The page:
As a result of OCR technology, most digital humanities research has been focussed on text. However, the recent development of powerful computer vision techniques (convolutional neural networks) enables researchers to explore the visual side of the digital turn. In the lecture Thomas Smits (Radboud University) and Melvin Wevers (Digital Humanities Lab, KNAW Humanities Cluster), who started using computer vision techniques during a Researcher-in-Residence stay at the National Library of the Netherlands, will explore the use of computer vision techniques to study cultural-historical phenomena such as the circulation of illustrations in nineteenth-century newspapers. They explain the basics of computer vision techniques. How do they work? And how can researchers in the humanities apply them to explore and analyse large numbers of images? The workshop, using jupyter notebooks, familiarises participants with the basic code needed to use the techniques and apply them to historical material. For the workshop, a recent laptop (no tablets) is required. Some knowledge of the command line and Python will help.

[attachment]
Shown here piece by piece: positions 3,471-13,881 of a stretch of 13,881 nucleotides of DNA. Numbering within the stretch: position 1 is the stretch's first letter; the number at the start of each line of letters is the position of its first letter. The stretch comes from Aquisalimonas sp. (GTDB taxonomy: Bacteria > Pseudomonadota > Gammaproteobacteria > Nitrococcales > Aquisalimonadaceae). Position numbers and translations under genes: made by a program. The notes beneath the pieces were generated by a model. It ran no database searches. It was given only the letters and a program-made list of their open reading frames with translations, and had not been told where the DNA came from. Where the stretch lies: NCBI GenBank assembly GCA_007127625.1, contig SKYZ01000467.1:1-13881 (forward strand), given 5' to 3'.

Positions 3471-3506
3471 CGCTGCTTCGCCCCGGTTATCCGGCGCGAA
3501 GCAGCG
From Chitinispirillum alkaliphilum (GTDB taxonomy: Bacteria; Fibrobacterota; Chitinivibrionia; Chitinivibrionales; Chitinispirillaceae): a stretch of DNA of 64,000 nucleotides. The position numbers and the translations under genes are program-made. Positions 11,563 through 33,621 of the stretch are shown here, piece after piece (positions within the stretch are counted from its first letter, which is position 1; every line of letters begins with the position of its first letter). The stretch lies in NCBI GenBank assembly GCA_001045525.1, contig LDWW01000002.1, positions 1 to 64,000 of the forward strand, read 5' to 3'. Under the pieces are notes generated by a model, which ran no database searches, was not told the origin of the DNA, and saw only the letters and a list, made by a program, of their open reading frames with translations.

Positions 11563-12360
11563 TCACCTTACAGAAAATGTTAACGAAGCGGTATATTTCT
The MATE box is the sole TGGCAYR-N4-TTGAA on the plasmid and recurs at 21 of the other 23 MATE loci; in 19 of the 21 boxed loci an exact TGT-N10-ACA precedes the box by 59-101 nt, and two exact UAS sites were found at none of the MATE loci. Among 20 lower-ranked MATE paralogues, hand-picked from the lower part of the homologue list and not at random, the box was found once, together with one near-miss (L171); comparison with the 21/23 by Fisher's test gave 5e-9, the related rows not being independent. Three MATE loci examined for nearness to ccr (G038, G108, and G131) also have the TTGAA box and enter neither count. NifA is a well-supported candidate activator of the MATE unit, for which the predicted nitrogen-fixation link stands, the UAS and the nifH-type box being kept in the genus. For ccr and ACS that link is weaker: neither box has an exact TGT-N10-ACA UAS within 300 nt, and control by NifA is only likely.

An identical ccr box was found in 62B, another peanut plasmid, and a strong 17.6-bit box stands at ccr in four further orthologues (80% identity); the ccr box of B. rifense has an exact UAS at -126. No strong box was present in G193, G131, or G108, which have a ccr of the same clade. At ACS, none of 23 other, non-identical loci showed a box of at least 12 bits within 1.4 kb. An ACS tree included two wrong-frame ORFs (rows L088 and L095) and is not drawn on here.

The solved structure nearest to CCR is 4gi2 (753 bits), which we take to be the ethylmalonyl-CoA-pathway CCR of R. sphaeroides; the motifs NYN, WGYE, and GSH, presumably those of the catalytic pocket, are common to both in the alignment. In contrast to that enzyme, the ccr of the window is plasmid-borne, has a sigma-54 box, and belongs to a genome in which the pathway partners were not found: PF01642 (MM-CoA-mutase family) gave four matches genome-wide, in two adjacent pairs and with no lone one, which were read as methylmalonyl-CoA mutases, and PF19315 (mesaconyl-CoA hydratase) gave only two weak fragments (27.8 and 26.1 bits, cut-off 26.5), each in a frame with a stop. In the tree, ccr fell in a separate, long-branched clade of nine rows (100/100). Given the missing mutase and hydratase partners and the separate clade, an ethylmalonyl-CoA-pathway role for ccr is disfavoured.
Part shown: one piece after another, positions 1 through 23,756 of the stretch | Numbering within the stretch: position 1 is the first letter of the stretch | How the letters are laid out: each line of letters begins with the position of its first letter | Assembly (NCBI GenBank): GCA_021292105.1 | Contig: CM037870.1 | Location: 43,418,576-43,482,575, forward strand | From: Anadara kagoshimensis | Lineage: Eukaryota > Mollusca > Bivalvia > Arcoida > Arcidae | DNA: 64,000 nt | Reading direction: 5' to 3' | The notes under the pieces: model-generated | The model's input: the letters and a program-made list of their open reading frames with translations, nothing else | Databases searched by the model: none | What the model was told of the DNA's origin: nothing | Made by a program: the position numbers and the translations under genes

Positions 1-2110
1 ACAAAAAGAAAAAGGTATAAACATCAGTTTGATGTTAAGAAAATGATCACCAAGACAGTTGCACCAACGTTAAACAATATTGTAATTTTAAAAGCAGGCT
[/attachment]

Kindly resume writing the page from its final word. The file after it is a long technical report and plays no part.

The event, which is sponsored by the WeChangEd Research Group takes place on Wednesday, 10 October 2018, from 1.00-5.00pm in the large meeting room on the third floor of the Blandijn. For further details, please contact, Julie Birkholz. Please be aware that places are limited.